I am designing a constant current source using APEX MP38 operational amplifier. The design requires to have a constant current of +100mA to be provided for resistive loads from 10Ω to 250Ω (in non inverting mode!)

Here is the typical application provided by the datasheet (in my case I am using it in non-inverting mode): enter image description here

So I am basically mis-use the current limiting capability of this amplifier. According to the datasheet the current limiting resistor (R3 = 7Ω in my case) can be calculated: $$I_{max}={\frac{0.7}{R_{CL}}}={\frac{0.7}{7}}=100mA$$ I have choosen the Rin=R1=3.2kΩ and Rf=R2=27kΩ which theoretically provides a gain of around 8 times.

The input signal comes from a micro-controller's pin (high=3.3V and low=0V). enter image description here

The opamp is being supplied with +40V and -40V from a bench power supply. The input signal is 0V to 3.3V with period of 4s and 50%.

I have 2 problems:

  1. When the load is very small (a brick resistor around 10Ω) the opamp does not turn on! I beleive it tries to turn on but the current limiting circuitry screws up, as you can see from the scope capture (the top waveform is the input signal and the bottom is response of the opamp, in this case it was in inverting mode but it does the same when non-inverting): enter image description here
  2. With a higher load (this time 130Ω) The opamp turns on even when there is no input voltage, as soon as I turn on the power supply it outputs around 13.5V which is what it supposed to output, but why when the inputsignal is off (e.g. micro pin is set to low) it does not stop output? I am scratching my head for few days to find the culprit. Please let me know what you thing, what should I check?
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    \$\begingroup\$ There are some mistakes in your post: Vss/Vdd reversed, feedback should be negative not positive. Please fix those and it will be easier to guess what might be wrong. \$\endgroup\$ – Spehro Pefhany Sep 6 '16 at 16:26
  • \$\begingroup\$ @SpehroPefhany sorry indeed R1 is 3.2k I edidted the text and i'll update the schematic, but it is just for reference only! \$\endgroup\$ – Sean87 Sep 6 '16 at 16:27
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    \$\begingroup\$ Feedback is pretty important. I assume the supply is actually correct or you would have more smoke etc. \$\endgroup\$ – Spehro Pefhany Sep 6 '16 at 16:29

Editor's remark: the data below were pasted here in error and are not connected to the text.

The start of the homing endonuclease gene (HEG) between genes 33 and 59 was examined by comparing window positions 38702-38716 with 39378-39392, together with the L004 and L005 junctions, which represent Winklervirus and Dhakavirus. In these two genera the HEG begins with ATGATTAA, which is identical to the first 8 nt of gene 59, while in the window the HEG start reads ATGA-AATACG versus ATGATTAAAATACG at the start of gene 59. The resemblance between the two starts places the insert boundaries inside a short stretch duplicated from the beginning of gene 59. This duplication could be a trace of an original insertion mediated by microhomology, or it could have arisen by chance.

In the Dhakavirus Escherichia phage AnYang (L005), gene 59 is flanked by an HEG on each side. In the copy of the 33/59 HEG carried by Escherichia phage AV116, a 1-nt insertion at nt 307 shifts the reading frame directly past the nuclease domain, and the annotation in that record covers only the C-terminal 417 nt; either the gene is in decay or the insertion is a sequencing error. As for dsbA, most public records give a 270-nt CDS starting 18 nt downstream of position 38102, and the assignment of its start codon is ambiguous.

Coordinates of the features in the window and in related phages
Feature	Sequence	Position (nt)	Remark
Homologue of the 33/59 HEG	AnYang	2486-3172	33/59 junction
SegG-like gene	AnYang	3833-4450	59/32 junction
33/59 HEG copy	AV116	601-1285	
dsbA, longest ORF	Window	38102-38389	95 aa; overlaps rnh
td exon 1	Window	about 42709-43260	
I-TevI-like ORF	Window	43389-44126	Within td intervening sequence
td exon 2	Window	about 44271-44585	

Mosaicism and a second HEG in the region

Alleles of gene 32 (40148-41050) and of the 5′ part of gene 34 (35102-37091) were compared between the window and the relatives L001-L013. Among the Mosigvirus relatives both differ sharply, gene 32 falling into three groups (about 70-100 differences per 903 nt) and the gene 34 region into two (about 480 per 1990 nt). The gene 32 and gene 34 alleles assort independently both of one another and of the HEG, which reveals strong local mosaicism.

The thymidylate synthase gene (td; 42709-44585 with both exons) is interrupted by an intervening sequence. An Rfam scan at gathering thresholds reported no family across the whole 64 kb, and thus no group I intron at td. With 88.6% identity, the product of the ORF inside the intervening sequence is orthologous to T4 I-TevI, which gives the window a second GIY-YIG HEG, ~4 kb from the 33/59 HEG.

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    \$\begingroup\$ It's certainly a problem! Even if non-inverting the feedback must be negative (then you apply the input to the non-inverting input). See any tutorial on op-amps. \$\endgroup\$ – Spehro Pefhany Sep 6 '16 at 16:34
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    \$\begingroup\$ Even in non-inverting mode the feedback must be negative in order to have stable operation. The only difference this makes is that the gain is always greater than 1. \$\endgroup\$ – Ignacio Vazquez-Abrams Sep 6 '16 at 16:38

I believe you want something like the below. The gain from the non-inverting input is about 8. With input of 0V the output voltage will try to go to -13.2V and with an input of 3.3V the output voltage will try to go to about +13.2V. If you want double that, reduce R2/R5 to 7/15 each or 3.6K each.


simulate this circuit – Schematic created using CircuitLab

The gain of this circuit is 1 + R1/(R2||R5) or

\$ G = 1+ \frac {2 R1}{R2}\$ for R2 == R5

The two resistors bias the amplifier so that you get balanced positive and negative voltages for inputs of 0V/3.3V. Ideally you would get 0V out if V1 = 3.3V/2.

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  • \$\begingroup\$ Thanks! that did the trick, since I did not need the negative output I just connected the Vss to GND and put input signal directly on the non inverting input of the opamp. works fine now! \$\endgroup\$ – Sean87 Sep 7 '16 at 12:06

why when the inputsignal is off (e.g. micro pin is set to low) it does not stop output?

The screenshot you show is the OPAMP oscillating due to positive feedback. This happens in any linear feedback system (many textbooks on the subject) whether or not there is an input.

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